Mortality tables get out of sync over time as underlying experience changes. What was different with this CSO effort was the tremendous amount of change since the last tables were developed in 2001.
Those tables were based on industry experience from 1990-1995. Since then a remarkable shift in underwriting occurred as the industry moved to preferred and multiple preferred risk classes. Also since that time, there has been a shift in mix of business in the industry, moving away from permanent products to term plans. Over the past 20 years, we have also seen a sizeable increase in the average face amounts and more business issued at older ages. Lastly, early estimates of mortality improvement at older ages were too low. The resulting impact of all these changes are reflected in a change in the slope of the table.
But more importantly, we are experiencing fundamental changes in industry regulation: principles-based reserving (PBR), Actuarial Guidelines 38 and 48, to name a few. The 2017 CSO is different because companies have all these moving parts to deal with. There has been industry and regulator recognition for some time that new CSO tables were needed to better reflect the improved mortality from what was in the 2001 CSO. As far back as 2008, the group looked at the need for new CSO tables, but because principles-based reserving was coming, the industry and regulators decided to wait until PBR to update the CSO tables.
How has the data used to develop tables changed?
There was significant increase in the number of contributing companies and claims and policy exposures underlying the 2017 CSO over what was in the 2001 CSO. The 2017 CSO contained data from 51 contributing companies versus 21 in the 2001 CSO.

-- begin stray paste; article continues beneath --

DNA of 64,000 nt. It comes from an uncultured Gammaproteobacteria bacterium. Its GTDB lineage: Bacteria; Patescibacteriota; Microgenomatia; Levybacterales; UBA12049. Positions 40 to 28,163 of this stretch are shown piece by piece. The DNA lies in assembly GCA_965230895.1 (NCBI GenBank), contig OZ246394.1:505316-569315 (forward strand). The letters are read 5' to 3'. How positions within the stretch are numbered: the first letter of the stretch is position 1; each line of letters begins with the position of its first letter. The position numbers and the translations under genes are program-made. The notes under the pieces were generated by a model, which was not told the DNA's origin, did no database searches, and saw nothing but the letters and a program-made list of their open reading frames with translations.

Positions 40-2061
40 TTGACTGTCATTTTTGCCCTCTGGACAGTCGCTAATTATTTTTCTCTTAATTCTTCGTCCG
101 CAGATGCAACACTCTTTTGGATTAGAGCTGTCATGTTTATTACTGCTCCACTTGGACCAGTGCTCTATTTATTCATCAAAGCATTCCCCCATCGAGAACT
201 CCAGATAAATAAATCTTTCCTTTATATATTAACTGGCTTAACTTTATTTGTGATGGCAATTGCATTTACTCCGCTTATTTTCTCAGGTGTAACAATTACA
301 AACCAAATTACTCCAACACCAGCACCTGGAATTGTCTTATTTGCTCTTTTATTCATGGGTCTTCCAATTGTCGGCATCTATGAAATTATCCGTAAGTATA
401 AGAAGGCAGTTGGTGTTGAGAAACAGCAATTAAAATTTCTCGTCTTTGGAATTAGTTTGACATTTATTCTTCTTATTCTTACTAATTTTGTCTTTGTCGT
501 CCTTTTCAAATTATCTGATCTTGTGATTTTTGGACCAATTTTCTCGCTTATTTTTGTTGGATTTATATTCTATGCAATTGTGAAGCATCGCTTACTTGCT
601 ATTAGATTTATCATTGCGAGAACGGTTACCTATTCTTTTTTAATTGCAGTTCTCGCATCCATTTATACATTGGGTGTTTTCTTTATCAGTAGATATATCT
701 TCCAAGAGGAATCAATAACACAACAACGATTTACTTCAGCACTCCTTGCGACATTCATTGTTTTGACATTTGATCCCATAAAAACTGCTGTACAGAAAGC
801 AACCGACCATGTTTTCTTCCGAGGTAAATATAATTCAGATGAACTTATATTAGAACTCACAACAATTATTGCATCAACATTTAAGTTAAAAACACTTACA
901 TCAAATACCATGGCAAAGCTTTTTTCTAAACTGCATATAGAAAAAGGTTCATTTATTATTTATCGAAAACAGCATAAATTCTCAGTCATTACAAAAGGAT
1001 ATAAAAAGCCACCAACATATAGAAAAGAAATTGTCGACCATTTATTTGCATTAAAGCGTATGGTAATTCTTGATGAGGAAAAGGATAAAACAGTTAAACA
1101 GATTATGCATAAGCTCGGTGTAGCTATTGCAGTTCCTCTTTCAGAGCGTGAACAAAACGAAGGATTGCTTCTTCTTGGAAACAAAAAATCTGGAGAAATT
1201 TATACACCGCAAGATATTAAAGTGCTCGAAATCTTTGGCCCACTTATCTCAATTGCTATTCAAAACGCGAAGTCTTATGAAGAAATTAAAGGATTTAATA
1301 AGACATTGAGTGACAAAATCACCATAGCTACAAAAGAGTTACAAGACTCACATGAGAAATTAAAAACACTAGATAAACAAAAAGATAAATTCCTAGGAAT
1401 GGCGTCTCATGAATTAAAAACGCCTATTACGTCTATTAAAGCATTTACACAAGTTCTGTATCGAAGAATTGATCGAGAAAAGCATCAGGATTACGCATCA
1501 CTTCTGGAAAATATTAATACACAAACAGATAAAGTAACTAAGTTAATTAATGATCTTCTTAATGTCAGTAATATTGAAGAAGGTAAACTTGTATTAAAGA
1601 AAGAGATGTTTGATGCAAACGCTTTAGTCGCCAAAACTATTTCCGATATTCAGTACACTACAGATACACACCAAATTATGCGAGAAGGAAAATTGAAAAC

In addition to the overall increase in exposures, there was significant increase in the exposures for smoker/non-smoker distinct issues, business issued under a preferred risk program and female risks than what was underlying the 2001 table.
|||1980 CSO||2001 CSO||2017 CSO|
|# Companies' experience included||19||21||51|
|# Companies covered||10||17||36|
|Amount of data in underlying study |
|Exposure by amount||$0.77 trillion||$5.7 trillion||$30.7 trillion|
|Exposure by count||Not provided in report||175 million||266 million|
|Actual # claims||Not provided in report||1.25 million||2.5 million|
As data submissions move from a voluntary basis to mandatory with the adoption of the Valuation Manual, we expect future data submissions will be even more complete and allow for further mortality analytics for future CSO tables.
Once you have the data, how do all the involved parties work together to develop new tables?
Throughout development of any new tables there is discussion and debate. Most of the discussion centers on the level of prudence or how much margin to be built in as well as the structure of the margin. Regulators at the NAIC set the level and give direction to the industry committee. Then debate begins: what percent is too high, what is too low and a lot of discussion around the slope of the mortality table and resulting impact on reserves and non-forfeiture values across various product types and age groups.
What will be most affected by the new tables?
The impact of the new tables is company- and product-dependent. Not all companies will act on the new tables Day 1. The effect for each company depends on the path it chooses to take – when to implement the 2017 CSO, how many products to apply the new tables to, etc. The new tables can significantly lower the statutory reserves, but if a captive solution is already in place, the company may may not want to unwind that arrangement.